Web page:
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Itô formula

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A formula by which one can compute the stochastic differential of a function of an Itô process. Let a (random) function be defined for all real and , be twice continuously differentiable in and once continuously differentiable in , and suppose that a process has stochastic differential

Then the stochastic differential of the process has the form

This formula was obtained by K. Itô [1]. An analogous formula holds for vectorial and . Itô's formula can be generalized to certain classes of non-smooth functions [2] and semi-martingales (cf. Semi-martingale).

References

[1] K. Itô, "On a formula concerning stochastic integration" Nagoya Math. J. , 3 (1951) pp. 55–65
[2] N.N. Krylov, "On Itô's stochastic integral equation" Theor. Probab. Appl. , 14 : 2 (1969) pp. 330–336 Teor. Veroyatnost. i Primenen. , 14 : 2 (1969) pp. 340–348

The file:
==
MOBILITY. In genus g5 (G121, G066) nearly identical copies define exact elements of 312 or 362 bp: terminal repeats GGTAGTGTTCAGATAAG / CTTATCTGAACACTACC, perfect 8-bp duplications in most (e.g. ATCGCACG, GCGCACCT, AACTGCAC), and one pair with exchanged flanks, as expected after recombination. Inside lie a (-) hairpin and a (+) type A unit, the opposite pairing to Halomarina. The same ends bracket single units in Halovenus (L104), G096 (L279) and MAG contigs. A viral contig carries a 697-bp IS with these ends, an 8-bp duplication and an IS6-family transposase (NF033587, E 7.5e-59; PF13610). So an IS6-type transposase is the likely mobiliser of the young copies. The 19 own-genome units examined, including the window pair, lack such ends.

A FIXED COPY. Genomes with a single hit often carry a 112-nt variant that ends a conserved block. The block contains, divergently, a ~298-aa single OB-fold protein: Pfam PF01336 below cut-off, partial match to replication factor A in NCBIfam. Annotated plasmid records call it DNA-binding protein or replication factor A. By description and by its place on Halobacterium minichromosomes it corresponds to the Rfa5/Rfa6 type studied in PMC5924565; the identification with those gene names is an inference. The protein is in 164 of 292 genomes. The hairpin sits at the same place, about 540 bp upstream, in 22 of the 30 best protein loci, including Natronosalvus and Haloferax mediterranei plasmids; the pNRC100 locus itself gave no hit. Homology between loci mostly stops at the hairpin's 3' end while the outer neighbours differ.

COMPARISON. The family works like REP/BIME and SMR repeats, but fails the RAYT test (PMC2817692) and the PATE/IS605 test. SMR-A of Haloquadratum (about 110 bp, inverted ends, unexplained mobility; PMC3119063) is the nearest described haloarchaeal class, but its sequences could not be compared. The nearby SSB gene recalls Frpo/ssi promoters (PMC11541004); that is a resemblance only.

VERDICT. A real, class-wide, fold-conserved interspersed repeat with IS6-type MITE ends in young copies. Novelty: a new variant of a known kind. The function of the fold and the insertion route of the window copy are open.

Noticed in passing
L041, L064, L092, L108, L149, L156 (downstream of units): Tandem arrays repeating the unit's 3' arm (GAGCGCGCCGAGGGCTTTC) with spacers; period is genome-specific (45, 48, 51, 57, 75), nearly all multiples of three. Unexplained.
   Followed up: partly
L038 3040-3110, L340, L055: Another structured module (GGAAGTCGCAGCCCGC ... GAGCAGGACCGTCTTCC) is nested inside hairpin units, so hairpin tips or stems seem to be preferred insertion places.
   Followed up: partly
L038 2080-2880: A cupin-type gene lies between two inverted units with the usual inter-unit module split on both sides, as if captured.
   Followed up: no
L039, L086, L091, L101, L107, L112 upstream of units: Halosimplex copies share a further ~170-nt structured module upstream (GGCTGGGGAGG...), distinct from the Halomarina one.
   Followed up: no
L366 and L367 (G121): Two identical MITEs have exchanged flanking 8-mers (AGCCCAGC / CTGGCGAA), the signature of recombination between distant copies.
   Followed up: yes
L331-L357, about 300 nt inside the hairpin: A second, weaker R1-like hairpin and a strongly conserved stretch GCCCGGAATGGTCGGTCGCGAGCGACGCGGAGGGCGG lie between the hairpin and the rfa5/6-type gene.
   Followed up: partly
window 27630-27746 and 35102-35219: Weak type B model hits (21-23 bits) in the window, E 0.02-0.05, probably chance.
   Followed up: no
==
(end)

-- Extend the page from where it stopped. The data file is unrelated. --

Comments

Nowadays, Itô's formula is more generally the usual name given to the change of variable formula in a stochastic integral with respect to a semi-martingale. Either in its narrow or enlarged meaning, Itô's formula is one of the cornerstones of modern stochastic integral and differential calculus.

References

[a1] K.L. Chung, R.J. Williams, "Introduction to stochastic integration" , Birkhäuser (1983)
[a2] A. Freedman, "Stochastic differential equations and applications" , 1 , Acad. Press (1975)
[a3] N. Ikeda, S. Watanabe, "Stochastic differential equations and diffusion processes" , North-Holland (1981)
[a4] K. Itô, H.P. McKean jr., "Diffusion processes and their sample paths" , Acad. Press (1964)
[a5] H.P. McKean jr., "Stochastic integrals" , Acad. Press (1969)
[a6] L.C.G. Rogers, D. Williams, "Diffusions, Markov processes, and martingales" , 2. Itô calculus , Wiley (1987)
[a7] T.G. Kurtz, "Markov processes" , Wiley (1986)
How to Cite This Entry:
Itô formula. Encyclopedia of Mathematics. URL: http://www.encyclopediaofmath.org/index.php?title=It%C3%B4_formula&oldid=23336
This article was adapted from an original article by A.A. Novikov (originator), which appeared in Encyclopedia of Mathematics - ISBN 1402006098. See original article